40. Lloyd Emberland says:

    My only hope for the future of general aviation is that the 3rd class medical will be loosed up when the FAA realizes that there is not any statistical difference in accident rates between LSA pilots and those with 3rd class medicals. So far insurance companies recognize no difference so premiums are the same. Some pilots won’t report health issues to their personal doctor for fear their 3rd class medical would be denied. Aircraft insurance could then be denied in the event of an accident if one was to falsify a medical record to one’s AME. The LSA rule eliminating the 3rd class medical makes a lot of sense and it is now time to expand the rule to cover more aircraft.

  41. Robert says:

    Dont forget….lsa doesnt exactly eliminate being medically fit for light sport. If you have reason to beleive you are not qualified for a medical, you cannot just “go” light sport. I suspect there will be much in the way of enforcement when the FAA realizes that its effort to grow the population has allowed a great many people who know they are not medically fit for flight to simply “fly lightsport” as the prevailing miswisdom says.

    • John says:

      The 3rd class medical can be shown to be a highly disproportionate risk mitigation, in terms of cost/benefit ratio . Consider this: It is estimated that outright pilot physical incapacity is responsible for about 1% of general aviation deaths. But, let’s be pessimistic, and say 5% of GA deaths are from pilot physical incapacity. Since there are only about 600 total deaths in all of GA per year, that works out to 30 deaths a year due to pilot physical incapacity. To put that in perspective to other risks, consider that about 50 deaths a year are due to lightning, 400 per year from falling out of bed! (should we have federal bed inspectors?), 740 from bicycle accidents (do we need federal regulation of bicycles ?), 565 from falls on level ground or floors (federal walking instruction anyone?), etc. etc. And of course there are 40,000+ per year deaths in automobile accidents. But if we stick to the 1% figure for GA deaths, then there are 6 deaths a year due to pilot physical incapacity! Does either figure warrant a federal bureaucracy administering the 3rd class medical ? There are innumerable other causes of death with far greater fatality numbers than due to GA pilot incapacity. The number of fatalities due to pilot incapacitation are truly infinitesimal when compared to other causes of death. When these relative statistics are seen in perspective, the obvious absurdity of the hyper-zealous medical 3rd class exam can be seen. Having an entire federal bureaucracy to harass private pilots with the 3rd class physical is a huge mis-allocation of time and tax-payer money as well as an infringement on our freedoms.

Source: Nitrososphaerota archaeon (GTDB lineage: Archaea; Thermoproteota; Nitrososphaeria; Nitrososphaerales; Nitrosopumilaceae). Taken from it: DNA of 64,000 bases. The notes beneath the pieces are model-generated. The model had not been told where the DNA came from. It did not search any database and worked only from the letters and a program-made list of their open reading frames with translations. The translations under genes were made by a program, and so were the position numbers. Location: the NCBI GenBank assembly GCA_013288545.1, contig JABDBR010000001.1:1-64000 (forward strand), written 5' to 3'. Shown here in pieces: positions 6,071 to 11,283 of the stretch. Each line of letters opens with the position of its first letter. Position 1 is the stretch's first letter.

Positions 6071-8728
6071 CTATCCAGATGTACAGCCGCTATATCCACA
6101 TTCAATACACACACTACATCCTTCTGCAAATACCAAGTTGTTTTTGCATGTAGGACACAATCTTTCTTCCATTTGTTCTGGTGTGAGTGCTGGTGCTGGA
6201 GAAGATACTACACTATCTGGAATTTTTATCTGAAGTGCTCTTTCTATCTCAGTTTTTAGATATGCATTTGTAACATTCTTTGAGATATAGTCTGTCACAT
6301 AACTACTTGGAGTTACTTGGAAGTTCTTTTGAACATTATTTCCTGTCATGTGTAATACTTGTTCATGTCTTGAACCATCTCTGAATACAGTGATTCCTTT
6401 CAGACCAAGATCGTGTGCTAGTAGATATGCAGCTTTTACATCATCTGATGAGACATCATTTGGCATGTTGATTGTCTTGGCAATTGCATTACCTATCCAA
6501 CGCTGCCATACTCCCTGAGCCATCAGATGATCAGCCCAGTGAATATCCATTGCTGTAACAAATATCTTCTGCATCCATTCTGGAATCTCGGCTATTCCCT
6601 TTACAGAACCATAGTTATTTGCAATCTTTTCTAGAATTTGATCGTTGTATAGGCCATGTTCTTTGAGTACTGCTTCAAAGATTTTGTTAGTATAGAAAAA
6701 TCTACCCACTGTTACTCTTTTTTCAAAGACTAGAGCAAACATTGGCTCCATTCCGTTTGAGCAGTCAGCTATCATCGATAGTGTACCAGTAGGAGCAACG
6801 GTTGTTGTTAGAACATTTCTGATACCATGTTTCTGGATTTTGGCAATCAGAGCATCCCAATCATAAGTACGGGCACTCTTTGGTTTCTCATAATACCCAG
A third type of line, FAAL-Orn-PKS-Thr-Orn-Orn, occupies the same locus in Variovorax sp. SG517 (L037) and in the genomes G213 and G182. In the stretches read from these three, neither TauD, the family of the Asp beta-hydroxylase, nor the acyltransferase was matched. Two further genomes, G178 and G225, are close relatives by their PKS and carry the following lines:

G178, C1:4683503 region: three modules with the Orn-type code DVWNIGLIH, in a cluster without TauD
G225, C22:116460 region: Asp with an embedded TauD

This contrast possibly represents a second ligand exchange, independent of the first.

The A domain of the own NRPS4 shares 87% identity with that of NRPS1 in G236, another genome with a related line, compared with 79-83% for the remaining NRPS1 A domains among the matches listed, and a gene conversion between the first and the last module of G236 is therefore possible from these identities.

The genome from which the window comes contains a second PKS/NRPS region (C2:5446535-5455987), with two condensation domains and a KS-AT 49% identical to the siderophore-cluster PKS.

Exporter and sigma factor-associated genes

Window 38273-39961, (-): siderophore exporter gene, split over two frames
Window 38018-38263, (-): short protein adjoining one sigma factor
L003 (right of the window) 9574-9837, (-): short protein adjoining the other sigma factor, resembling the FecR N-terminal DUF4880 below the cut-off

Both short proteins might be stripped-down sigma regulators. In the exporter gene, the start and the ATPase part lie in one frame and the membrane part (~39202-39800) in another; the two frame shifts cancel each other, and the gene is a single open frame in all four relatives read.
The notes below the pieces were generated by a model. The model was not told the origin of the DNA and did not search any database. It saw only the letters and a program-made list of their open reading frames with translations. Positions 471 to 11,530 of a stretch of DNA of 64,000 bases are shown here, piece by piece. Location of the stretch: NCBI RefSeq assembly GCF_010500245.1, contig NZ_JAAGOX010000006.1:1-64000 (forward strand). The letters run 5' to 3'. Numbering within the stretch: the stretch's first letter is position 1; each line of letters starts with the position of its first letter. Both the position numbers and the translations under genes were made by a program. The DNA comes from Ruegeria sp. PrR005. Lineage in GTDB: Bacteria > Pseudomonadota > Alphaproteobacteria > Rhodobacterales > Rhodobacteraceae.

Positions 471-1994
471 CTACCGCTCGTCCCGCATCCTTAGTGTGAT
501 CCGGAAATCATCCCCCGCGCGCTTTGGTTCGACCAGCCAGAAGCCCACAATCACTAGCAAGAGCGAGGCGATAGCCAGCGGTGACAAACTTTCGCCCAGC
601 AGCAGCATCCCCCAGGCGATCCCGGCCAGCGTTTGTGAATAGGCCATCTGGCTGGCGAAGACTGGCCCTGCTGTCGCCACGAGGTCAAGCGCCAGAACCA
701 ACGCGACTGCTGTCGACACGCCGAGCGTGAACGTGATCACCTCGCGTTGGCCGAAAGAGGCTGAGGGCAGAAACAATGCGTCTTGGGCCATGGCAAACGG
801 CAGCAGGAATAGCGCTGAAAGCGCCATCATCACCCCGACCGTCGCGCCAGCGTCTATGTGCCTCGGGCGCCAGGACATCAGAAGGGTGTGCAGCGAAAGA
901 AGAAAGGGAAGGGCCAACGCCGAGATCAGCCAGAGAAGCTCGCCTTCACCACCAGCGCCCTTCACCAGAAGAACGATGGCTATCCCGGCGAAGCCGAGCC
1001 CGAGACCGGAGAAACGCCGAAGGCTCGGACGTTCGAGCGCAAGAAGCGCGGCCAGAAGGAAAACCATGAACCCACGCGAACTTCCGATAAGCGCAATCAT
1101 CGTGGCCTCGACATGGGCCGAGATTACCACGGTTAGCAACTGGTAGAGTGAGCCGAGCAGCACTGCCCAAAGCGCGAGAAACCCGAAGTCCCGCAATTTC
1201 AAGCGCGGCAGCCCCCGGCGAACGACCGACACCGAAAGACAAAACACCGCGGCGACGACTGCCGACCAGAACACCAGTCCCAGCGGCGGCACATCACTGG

42. Steve says:

    YES! The FAA must do something! The countryside is becoming littered with the wreckage of aircraft brought down by medical incapacitation. When will this carnage end and the government protect us from lunatic pilots! The very fabric of America is being ripped apart and if the FAA won’t do something then Homeland Security should!

  43. Lloyd Emberland says:

    Don’t forget that every flight made by pilots must self certify their condition whether ATP or LSA. Insurance
    companies base their rates on the risk to them and consequently the payouts for accidents based on statistics. My
    insurance agent said their is no statistical difference between LSA and 3rd class medical holders. The LSA rule is
    now about 7 years old. There is no evidence of airplane accidents littering the country side due to medically unfit
    pilots. Let’s stick to the facts.
    Let’s hope AOPA will do the right thing and lobby for loosening up the LSA rule.